I purchased the WOOL omnibus that evening and am currently reading through the first 5 installments. It is rare that a sample hits me in that way, but exciting all the same. Author Hugh Howey’s method of storytelling is engaging, and draws the reader in early on (be on the lookout for more on this in a future post).

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The Light-Speed Barrier: It’s Hip

One of the first things that I decided when I sat down to write my own science fiction novel was that faster-than-light travel would be impossible. The book I’m writing isn’t “hard” science fiction, more planetary adventure, but the tropes used to get around the light speed barrier just seemed like magic wands to me, and I didn’t want to use them.

I became interested in having my characters traveling across the galaxy at near-light speed, and seeing civilizations rise and fall while they stayed more or less the same age (due to the time dilation effect). That gave rise to the notion of a galactic Government so vast that its bureaucrats take centuries to fly from one assignment to the next.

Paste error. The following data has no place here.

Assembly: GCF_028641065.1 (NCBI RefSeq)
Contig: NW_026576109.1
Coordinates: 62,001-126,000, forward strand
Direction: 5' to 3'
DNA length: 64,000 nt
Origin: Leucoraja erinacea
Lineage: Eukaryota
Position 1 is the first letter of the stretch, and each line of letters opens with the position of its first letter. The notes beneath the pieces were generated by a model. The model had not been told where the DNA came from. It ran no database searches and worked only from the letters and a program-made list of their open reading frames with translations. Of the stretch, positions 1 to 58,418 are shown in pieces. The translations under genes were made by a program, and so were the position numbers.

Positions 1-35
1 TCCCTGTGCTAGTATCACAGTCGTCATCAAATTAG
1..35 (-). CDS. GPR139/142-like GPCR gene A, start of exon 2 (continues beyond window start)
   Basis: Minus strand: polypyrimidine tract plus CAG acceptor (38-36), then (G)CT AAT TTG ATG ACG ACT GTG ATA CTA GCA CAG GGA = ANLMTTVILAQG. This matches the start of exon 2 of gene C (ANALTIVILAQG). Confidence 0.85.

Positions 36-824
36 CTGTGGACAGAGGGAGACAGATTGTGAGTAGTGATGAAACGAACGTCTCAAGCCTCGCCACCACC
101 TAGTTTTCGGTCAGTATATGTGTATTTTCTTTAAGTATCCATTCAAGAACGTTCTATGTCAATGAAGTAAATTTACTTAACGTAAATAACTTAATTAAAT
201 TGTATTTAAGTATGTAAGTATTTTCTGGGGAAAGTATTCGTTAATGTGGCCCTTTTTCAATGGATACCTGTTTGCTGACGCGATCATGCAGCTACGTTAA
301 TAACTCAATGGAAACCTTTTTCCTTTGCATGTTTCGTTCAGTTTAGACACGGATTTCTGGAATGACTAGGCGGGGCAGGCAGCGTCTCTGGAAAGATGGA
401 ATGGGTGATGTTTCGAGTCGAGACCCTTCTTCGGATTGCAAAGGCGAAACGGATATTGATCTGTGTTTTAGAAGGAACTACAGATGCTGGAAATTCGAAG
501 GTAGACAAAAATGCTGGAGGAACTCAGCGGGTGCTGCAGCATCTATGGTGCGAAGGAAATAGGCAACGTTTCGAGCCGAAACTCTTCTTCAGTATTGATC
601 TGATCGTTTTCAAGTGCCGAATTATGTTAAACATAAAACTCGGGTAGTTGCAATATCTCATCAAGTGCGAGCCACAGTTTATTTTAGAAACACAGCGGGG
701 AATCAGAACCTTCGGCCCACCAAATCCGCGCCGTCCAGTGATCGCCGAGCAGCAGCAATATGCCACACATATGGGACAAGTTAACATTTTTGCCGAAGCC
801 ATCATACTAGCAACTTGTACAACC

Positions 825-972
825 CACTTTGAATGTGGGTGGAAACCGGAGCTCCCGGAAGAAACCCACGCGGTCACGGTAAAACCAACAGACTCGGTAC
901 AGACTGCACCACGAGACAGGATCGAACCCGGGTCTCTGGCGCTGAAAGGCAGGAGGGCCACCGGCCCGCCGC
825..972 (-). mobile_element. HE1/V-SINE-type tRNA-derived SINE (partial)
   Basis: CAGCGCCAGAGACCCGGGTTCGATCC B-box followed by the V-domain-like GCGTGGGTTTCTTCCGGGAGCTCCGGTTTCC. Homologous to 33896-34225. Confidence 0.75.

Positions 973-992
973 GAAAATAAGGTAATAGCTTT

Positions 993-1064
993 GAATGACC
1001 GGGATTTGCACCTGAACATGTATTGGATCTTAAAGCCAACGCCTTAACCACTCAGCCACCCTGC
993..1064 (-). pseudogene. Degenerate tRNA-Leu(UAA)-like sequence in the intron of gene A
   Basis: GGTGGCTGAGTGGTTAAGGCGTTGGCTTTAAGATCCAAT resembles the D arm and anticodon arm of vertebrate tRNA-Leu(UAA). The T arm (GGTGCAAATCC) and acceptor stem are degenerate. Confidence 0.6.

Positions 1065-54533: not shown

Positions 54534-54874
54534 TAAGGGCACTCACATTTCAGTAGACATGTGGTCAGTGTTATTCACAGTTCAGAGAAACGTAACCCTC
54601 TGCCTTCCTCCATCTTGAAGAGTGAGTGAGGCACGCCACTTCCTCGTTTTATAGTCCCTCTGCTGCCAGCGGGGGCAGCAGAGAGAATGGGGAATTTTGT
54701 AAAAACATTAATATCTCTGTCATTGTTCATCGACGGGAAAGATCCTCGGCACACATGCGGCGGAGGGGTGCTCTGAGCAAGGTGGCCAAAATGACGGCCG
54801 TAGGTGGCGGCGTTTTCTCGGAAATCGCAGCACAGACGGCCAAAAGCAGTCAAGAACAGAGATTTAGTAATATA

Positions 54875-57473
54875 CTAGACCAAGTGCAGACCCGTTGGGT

After a little thought and googling, however, I realized that even at ludicrous rates of acceleration – 5G, 10G – the subjective time for a trip across a significant portion of the galaxy could still take more than a human lifetime. More on this topic over at the World page.

So (here’s the funny part) I decided I would introduce some kind of suspended animation that allows the characters to “sleep” through the long journey in their starship. That is, of course, likely just as impossible as faster-than-light travel, for a whole host of reasons. It did not bother me one jot. I’m sure this says something about my psychology and nothing about science, but I’m glad to hear I’m not alone. Here’s an article on the trend toward obeying the light-speed barrier in SF.

Giant Man-Eating Jellyfish of the Air

Thanks to Michael P for the suggestion of deepstaria enigmatica as a real animal that should be an alien.  Over on the World page (choose The Story | World from the menu), it’s become a floating, carnivorous jellyfish that hides itself in clouds and attacks unwary air sailors. I’m picturing a desperate life-and-death struggle in the air somewhere in the third act.

(Note: I’ve come to the conclusion that my posts and post titles have been a little too understated up to now, so I’m unleashing my inner Stan Lee here.)